everyday bread

This is, as named, my everyday bread recipe, lifted from Jack Monroe, the Bootstrap Cook. It is the most forgiving and adaptable of recipes; you can use pretty much any mix of flour, you can bake it into any shape you like, including rolls, you can add nuts or seeds, and it scales beautifully. Now I’ve got my Kitchenaid back, I just set a batch going while I’m cooking something else, prove it overnight, and bake it in the morning.

The basic recipe is thus:

  • Allisons 650g flour – today I did about 300g wholemeal and 350g of Allisons seed and grain bread flour
  • 7g of dried fast acting yeast
  • 1 generous teaspoon of salt
  • 1 flat dessertspoon of sugar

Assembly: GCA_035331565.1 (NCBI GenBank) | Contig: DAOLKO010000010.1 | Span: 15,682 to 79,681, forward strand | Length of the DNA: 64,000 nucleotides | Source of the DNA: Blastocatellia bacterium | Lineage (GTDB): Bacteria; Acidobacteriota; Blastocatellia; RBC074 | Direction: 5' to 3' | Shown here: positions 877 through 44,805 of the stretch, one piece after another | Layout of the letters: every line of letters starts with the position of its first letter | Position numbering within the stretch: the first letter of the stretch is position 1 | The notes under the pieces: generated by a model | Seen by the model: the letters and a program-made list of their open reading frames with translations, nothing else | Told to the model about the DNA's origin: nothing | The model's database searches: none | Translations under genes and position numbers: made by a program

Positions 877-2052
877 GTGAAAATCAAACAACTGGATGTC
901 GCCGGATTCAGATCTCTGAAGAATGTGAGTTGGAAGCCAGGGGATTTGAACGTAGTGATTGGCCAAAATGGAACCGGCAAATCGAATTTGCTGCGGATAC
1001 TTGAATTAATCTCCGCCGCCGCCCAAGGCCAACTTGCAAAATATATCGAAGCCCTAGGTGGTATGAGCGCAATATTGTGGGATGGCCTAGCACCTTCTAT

• 400ml of luke warm water

Mix the dry ingredients well together, then add the water. If you’re using a stand food mixer, you can walk away for five minutes or so at this point, otherwise you’re going to have to knead it. I added some dill weed to this morning’s loaf.  When kneaded, form it into a ball and put it in a bowl covered with clingfilm. Even in my cold kitchen, it was well risen before I went to bed.

Before baking, knock it back (just a bit more kneading), and then shape it into whatever you want – I did a round loaf this morning. Leave it for about 15 minutes. Heat the oven to about 190C (I think that’s gas mark 5), and bake for about 40 minutes.

I’m using the Allisons bread because the Shonky Shop* (as we call it) at the top of the road is selling this off at 3x1kg bags for a quid. We have about 10kgs of it in the store cupboard, and I’ll be going to buy a load more this week, if they’ve still got it – it’ll be good for a few months yet, and Brexit is coming.

*They sell food coming up to “sell by” date, and we’ve had some cracking bargains from there.